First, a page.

March 29, 2010

Mayor Daley Says City Clerk's Office, Public Schools Can Help Families Fill Out College Financial Aid Forms

CPS Students Post Record “FAFSA” Completion Rate
Mayor's Press Office    312.744.3334

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Help is available through the office of City Clerk Miguel del Valle and the Chicago Public Schools for parents and students who must complete the Federal Application for Free Student Aid (FAFSA) in order to apply for the state and federal funds available to help pay for college, Mayor Richard M. Daley said today.

“Every year, the millions of dollars available through the state in this program run out before many students complete the forms and send in their application,” Daley said in a news conference held at Steinmetz High School, 3030 N. Mobile Av., at which he was joined by del Valle.

“We can’t let the fact that we’re in the worst recession in 70 years stand in the way of our students getting a chance to get a college education,” he said.

The Mayor also announced that compared to the same time last year, there is a 33 percent increase in the number of eligible CPS seniors who have completed the financial aid form. The students who have filled out the form have access to $75 million in federal and state funding. Each student can receive a maximum of $10,000 per year.

Last year at this time, 44 percent of eligible students had completed the paperwork. This year the number is almost 59 percent – a record high.
Steinmetz, for example, has seen a 38 percentage point increase in FAFSA completion compared to the same time last year.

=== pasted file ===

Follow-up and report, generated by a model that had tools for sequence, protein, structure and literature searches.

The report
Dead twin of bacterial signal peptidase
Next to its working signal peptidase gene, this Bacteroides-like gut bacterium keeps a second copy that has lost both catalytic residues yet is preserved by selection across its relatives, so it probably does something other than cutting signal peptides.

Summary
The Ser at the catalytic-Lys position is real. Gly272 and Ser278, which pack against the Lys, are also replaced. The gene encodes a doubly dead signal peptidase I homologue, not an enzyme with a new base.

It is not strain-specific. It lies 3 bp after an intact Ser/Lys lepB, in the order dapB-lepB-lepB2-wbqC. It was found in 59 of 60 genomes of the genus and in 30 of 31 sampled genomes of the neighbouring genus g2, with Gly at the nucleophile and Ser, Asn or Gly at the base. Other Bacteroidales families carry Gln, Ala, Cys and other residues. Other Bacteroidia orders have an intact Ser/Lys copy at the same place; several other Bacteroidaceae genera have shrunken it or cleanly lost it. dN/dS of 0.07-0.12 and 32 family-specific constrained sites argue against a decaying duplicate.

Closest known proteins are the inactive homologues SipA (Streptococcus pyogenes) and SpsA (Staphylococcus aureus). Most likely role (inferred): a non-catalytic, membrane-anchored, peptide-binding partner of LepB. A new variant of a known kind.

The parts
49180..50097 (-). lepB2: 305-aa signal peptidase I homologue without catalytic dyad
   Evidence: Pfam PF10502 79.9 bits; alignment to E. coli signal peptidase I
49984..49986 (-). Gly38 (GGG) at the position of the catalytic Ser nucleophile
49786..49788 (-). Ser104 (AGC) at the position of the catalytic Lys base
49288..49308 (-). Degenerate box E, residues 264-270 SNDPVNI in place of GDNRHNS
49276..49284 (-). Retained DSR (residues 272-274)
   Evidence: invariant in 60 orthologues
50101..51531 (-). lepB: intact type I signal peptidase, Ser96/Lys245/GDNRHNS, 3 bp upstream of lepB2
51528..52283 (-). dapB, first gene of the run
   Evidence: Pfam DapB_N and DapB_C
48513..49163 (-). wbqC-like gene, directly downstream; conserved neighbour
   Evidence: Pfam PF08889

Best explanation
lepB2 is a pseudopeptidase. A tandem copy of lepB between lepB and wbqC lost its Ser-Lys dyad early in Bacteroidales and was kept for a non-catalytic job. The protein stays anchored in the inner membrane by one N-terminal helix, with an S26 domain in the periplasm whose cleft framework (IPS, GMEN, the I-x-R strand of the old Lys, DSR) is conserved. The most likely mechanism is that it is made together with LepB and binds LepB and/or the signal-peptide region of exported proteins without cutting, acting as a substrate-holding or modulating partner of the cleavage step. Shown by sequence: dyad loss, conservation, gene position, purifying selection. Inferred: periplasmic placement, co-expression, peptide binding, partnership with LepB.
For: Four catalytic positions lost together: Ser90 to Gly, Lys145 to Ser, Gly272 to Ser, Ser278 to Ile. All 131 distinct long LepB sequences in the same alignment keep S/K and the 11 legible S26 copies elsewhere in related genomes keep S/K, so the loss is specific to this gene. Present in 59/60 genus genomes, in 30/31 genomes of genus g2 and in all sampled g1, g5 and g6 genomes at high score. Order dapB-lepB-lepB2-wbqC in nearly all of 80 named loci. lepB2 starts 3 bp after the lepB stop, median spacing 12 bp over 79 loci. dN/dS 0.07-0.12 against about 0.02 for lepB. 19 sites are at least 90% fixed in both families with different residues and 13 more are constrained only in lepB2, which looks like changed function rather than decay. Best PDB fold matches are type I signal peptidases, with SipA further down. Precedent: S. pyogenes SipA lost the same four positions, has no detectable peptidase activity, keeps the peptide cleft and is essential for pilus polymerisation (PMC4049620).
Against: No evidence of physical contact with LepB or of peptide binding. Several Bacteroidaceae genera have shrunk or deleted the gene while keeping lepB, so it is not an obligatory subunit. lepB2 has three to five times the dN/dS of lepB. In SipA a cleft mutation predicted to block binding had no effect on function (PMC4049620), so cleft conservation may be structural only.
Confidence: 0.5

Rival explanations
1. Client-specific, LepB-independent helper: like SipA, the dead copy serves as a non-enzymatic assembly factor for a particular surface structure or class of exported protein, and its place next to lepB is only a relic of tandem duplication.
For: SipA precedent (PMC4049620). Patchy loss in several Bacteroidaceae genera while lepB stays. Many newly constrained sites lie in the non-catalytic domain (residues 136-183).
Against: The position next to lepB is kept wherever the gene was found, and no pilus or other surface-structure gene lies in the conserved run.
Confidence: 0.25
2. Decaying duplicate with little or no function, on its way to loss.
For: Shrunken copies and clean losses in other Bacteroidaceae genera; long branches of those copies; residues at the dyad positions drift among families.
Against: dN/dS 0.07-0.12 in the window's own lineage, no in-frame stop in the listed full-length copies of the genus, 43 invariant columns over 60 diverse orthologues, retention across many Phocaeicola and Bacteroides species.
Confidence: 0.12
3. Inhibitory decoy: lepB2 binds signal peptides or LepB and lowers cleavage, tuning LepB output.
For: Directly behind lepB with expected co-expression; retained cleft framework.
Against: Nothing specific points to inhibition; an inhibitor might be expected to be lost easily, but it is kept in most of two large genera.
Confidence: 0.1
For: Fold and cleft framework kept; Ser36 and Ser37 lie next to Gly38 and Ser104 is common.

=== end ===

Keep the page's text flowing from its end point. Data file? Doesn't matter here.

Daley said that nothing is more important to guaranteeing the city’s future than the education of its young people.

“We must continue to build a public education system that graduates students with the skills and education they need to go on to college or some other form of higher education and to succeed in life and help keep Chicago competitive in the global economy of the future. But without some financial assistance, many of our young people can’t go on to college,” he said.

Completing the FAFSA form can be challenging, Daley said as he praised del Valle’s program to help parents and students complete it.

To help students receive the maximum amount of financial aid for which they are
eligible, the Clerk’s office and the non-profit organization “Ladder Up” have partnered to provide students with free FAFSA completion assistance on Tuesdays from 5:30 p.m. – 7:30 p.m. through April 20 in Room 107 of City Hall, 121 N. LaSalle St.

“It is vital that students and their parents complete the FAFSA form as soon as possible,” del Valle said.

Students should bring their identification number (Social Security Number), the most recent copy of their tax return and any asset information they may have. If a student is supported by his or her parents, the student should also bring his or her parents’ tax return, Social Security Numbers (if applicable) and birthdates. It is recommended that parents accompany their student to the financial aid assistance session.

Daley commended the Chicago Public Schools on the success of its FAFSA program and the record number of students who have completed the forms this year.

“We know the majority of our students qualify for the full amount of federal assistance. In fact, because of the recession, we have 12 percent more students eligible for financial assistance this year than last,” Daley said.

“So it’s critical that all our young people and their families take advantage of the help that’s available to complete the application form,” he said.

CPS credits the jump to an aggressive campaign to increase the FAFSA completion rate for graduating seniors mounted by the CPS Department of College and Career Preparation.

CPS focused additional resources on helping our students complete the FAFSA forms this year because research shows that students who complete them are more likely to go to college. 

“We have worked hard over the past several years to lift students’ expectations, to help them see high school graduation not as an end but as the first step toward a successful career in their chosen field,” Daley said.

“To keep our progress going and to secure Chicago’s economic future, we must provide every child with a high quality education. The programs we’re talking about today help us do just that,” he said. 

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